Illegal early access remains common issue

Trustees withdrawing funds illegally from their SMSF was a top recurring trend throughout last year and was expected to continue in 2016, according to an SMSF auditor.

“During 2015, the same issue has cropped up: trustees taking money out of the account, usually for their business because they have cash-flow issues, or trustees inadvertently taking money out of an account because they have multiple bank accounts and they’ve clicked on the wrong one,” SuperAuditors director Shelley Banton told selfmanagedsuper.

“Even if they may have corrected it, was it in a timely manner?

“Also, there needs to be some explanation and information about why that transaction has happened because once the money comes in, it’s quarantined as a contribution and once it goes out, if it doesn’t meet a condition of release, then it is illegal early access.

“We’ve seen people paying for expenses for the fund out of their own pocket several times and then had the fund repay them and if they’re doing that on their credit card, for example, you’d have to question whether they’re getting reward points, et cetera.”

Banton stressed it was up to trustees to use extreme caution as she did not believe stricter regulations would solve the problem.

“While you’ve got several accounts with the one financial institution or bank, there’s always a possibility that you’re going to click on the wrong one – that’s just a fact of online life,” she said.

“You can’t get to the point where you mandate trustees to have a separate account entirely which is not linked to any other account online.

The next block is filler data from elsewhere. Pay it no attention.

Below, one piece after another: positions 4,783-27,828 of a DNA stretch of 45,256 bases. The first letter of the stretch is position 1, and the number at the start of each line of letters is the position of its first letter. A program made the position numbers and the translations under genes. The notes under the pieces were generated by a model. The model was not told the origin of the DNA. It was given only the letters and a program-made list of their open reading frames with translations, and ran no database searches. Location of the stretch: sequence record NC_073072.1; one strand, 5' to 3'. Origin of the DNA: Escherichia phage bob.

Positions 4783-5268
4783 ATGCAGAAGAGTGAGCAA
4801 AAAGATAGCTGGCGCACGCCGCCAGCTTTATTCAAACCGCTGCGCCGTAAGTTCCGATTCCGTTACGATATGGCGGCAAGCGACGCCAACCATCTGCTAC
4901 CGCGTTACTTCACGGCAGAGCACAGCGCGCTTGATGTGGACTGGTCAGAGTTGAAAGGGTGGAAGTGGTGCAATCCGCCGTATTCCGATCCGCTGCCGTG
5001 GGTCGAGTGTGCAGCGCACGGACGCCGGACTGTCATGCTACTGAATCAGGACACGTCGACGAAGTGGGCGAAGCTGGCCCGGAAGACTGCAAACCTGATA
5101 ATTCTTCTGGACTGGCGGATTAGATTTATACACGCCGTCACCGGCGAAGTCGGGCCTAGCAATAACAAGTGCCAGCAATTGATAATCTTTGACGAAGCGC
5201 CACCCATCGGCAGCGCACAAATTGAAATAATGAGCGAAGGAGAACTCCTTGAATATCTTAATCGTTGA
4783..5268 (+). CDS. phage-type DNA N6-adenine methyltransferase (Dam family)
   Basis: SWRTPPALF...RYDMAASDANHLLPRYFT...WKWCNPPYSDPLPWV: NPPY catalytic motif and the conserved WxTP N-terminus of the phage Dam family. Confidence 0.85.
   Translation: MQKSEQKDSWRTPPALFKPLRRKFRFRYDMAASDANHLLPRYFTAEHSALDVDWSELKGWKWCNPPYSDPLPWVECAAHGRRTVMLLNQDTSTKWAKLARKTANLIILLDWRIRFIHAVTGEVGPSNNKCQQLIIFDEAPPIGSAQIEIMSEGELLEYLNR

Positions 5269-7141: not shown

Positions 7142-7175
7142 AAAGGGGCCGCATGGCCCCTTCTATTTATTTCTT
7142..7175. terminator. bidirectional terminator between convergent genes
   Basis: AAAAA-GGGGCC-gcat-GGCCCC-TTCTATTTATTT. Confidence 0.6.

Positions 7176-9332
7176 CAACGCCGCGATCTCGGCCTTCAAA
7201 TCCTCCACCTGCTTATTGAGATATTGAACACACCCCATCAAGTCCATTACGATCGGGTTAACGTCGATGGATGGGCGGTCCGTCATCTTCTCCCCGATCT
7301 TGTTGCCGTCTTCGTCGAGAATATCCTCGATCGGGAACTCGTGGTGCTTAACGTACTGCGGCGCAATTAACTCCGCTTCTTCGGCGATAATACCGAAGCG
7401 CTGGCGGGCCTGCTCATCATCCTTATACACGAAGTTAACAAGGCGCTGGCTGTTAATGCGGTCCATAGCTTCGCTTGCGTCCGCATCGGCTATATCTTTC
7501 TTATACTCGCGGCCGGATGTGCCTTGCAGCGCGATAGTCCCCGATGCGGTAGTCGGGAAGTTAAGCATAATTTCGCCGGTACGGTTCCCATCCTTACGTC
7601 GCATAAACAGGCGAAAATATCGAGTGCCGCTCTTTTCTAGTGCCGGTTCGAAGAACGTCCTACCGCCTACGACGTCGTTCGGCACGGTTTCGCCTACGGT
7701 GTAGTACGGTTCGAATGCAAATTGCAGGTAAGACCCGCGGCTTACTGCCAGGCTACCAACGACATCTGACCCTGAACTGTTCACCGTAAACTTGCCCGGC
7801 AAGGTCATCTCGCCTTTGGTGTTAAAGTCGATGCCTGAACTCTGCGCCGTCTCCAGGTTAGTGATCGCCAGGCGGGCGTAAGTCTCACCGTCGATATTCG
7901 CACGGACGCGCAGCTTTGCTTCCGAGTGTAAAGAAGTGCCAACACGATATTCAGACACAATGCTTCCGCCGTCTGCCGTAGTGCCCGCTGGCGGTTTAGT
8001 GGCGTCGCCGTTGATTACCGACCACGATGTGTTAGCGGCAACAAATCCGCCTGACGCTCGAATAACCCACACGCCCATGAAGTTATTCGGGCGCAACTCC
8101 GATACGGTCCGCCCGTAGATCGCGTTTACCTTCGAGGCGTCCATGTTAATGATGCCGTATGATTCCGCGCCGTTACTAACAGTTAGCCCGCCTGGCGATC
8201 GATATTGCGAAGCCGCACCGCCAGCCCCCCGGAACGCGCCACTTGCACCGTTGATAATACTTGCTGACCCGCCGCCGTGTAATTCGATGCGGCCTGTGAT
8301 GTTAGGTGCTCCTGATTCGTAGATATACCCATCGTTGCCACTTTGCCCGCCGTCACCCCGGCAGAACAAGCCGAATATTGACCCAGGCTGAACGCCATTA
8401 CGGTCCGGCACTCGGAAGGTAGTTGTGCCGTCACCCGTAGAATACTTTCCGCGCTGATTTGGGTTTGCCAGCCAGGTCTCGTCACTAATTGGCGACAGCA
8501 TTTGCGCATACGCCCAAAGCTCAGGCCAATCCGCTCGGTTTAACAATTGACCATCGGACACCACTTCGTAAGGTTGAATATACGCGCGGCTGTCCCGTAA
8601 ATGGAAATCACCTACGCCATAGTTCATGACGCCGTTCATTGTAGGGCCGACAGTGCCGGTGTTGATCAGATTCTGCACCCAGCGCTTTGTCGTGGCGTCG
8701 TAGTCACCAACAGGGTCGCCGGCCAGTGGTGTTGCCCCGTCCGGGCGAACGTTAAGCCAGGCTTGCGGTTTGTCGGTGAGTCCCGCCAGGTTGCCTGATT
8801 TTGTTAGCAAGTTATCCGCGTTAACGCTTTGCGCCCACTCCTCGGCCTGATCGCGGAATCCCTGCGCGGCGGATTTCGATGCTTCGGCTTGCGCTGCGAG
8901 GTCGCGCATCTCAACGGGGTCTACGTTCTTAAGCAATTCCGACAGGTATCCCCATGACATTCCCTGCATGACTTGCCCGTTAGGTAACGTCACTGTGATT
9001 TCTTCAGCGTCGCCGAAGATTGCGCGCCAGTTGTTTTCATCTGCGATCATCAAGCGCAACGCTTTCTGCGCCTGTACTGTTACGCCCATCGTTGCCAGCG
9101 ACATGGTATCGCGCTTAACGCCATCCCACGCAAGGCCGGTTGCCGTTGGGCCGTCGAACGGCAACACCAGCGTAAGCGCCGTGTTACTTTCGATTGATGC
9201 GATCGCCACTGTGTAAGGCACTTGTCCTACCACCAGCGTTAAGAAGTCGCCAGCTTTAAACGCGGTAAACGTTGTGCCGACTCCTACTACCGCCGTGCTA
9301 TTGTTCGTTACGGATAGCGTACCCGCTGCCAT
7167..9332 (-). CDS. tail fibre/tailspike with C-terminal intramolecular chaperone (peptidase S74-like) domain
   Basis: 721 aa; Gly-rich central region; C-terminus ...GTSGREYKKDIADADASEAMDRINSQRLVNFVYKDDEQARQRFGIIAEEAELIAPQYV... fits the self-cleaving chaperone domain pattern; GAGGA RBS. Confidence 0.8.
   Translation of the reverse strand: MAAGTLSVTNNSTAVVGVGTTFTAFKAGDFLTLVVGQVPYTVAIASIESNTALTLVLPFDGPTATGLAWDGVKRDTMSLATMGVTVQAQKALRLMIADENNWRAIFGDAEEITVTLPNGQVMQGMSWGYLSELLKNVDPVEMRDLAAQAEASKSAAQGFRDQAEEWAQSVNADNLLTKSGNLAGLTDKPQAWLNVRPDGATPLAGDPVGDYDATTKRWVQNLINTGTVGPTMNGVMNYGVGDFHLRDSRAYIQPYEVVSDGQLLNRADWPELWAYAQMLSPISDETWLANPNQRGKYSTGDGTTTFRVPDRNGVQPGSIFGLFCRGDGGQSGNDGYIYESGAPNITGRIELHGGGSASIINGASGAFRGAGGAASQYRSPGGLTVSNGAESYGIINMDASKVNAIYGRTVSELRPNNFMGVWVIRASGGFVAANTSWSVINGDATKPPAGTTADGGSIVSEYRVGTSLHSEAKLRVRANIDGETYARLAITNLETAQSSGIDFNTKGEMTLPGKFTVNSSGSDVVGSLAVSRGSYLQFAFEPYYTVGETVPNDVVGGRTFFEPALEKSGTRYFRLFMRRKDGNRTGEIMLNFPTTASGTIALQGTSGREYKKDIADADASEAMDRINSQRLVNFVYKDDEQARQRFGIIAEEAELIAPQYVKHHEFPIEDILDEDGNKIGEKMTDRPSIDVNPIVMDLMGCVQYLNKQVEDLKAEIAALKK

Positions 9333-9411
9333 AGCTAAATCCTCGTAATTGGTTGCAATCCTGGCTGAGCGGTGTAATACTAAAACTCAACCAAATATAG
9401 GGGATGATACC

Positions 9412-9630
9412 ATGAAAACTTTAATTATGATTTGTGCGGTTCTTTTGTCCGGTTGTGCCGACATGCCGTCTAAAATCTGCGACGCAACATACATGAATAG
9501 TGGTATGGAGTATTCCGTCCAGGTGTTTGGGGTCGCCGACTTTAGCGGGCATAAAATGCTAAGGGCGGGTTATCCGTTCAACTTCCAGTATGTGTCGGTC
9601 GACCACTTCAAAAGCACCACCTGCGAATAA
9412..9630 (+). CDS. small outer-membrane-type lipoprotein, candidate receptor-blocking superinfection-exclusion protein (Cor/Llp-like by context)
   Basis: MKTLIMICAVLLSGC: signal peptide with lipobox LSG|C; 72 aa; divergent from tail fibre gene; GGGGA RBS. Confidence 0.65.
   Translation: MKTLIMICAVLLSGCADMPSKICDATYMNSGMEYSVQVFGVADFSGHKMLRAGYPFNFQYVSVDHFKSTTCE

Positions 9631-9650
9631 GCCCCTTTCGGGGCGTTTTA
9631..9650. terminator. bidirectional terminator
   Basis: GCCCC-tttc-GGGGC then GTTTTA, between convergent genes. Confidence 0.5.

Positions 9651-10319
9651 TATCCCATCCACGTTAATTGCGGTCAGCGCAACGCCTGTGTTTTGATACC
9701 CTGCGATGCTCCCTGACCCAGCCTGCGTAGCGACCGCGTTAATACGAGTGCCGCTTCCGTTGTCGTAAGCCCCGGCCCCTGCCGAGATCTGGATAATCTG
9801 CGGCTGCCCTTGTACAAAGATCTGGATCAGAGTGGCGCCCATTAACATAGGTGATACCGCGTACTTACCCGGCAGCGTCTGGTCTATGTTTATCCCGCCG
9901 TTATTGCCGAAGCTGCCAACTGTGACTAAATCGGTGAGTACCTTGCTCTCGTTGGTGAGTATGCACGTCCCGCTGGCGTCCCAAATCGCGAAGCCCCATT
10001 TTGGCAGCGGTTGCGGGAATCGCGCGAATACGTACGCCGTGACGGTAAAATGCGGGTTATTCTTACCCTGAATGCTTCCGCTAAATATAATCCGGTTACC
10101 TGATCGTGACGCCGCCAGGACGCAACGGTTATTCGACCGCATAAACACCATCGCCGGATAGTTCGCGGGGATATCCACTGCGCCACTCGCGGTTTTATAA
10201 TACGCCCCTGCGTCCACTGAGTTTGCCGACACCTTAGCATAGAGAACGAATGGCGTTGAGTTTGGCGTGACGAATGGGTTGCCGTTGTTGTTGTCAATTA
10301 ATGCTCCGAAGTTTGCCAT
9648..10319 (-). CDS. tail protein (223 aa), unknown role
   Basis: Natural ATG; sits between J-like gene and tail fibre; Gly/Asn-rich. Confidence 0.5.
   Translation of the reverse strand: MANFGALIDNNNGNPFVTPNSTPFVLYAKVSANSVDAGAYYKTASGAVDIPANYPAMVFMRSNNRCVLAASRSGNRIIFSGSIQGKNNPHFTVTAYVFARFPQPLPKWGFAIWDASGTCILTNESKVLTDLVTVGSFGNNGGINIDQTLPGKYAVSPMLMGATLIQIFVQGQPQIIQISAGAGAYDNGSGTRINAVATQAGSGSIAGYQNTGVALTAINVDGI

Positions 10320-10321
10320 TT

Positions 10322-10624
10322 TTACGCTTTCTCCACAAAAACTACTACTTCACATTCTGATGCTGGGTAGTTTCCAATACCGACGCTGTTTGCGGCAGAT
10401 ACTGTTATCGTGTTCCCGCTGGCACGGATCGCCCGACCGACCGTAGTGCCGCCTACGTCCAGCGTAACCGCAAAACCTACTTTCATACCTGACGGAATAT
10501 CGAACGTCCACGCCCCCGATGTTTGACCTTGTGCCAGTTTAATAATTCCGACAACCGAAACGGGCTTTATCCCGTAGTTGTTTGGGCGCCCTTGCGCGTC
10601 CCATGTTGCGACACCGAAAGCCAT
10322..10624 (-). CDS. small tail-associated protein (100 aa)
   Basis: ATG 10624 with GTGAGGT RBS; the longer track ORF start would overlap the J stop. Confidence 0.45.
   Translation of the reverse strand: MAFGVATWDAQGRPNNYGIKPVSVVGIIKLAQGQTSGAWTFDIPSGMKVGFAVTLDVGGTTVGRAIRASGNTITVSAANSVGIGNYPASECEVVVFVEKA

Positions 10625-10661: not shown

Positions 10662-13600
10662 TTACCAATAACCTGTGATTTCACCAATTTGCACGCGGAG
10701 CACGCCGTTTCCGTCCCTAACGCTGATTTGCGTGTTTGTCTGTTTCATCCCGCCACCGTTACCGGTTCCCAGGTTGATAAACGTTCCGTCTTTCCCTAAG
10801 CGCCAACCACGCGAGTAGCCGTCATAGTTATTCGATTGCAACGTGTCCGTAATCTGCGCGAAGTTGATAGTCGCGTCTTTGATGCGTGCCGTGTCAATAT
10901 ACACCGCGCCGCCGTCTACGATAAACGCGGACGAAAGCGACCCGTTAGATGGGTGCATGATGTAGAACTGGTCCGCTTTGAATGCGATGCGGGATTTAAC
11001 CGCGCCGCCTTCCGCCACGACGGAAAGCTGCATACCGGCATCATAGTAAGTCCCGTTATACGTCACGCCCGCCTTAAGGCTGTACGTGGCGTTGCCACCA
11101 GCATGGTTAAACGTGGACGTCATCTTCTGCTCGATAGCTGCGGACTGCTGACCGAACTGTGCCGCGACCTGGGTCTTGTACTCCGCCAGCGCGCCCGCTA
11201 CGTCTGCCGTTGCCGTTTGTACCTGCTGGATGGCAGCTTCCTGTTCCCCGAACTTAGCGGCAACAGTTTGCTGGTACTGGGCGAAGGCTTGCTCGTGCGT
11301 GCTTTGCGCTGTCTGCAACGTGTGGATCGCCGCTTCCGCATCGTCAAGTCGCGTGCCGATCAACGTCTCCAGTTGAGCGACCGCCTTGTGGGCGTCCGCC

“I don’t know how that would be regulated and it wouldn’t be something that I’d want to look at come audit time. And it would be more red tape instead of less.”

She said she believed the combination of an auditor, an adviser or administrator was a powerful tool for trustees to get back on the right track following those types of fund breaches.

“Depending on the auditor they go to, they may or may not get any feedback that they’re doing the wrong thing,” she said.

“For example, if their account has gone into a debit balance at some point during the year, with all due respect, an auditor doing a $200 audit may not necessarily pick that up because of time constraints and if it’s a complex fund, you wouldn’t have the time to pick up everything.

“At SuperAuditors, we would put out a management letter and point out that the account has gone into debit balance and [emphasise that it can’t] happen again.

“We would talk to the accountant who would then have a meeting with the trustees and the issue would [be addressed] at that point, so between the joint relationship that the auditor and the accountant has, that has more impact on the trustees and we’re fairly sure that they’re not going to come back next year.”

Trustees choosing to operate their fund without the help of an adviser were more likely to miss those mistakes, she added.

“One of the problems why trustees are disengaged is because there’s so much information out there on the internet,” she said.

“But just because they can access all that information, doesn’t mean that they’ll necessarily know how to apply it correctly.”

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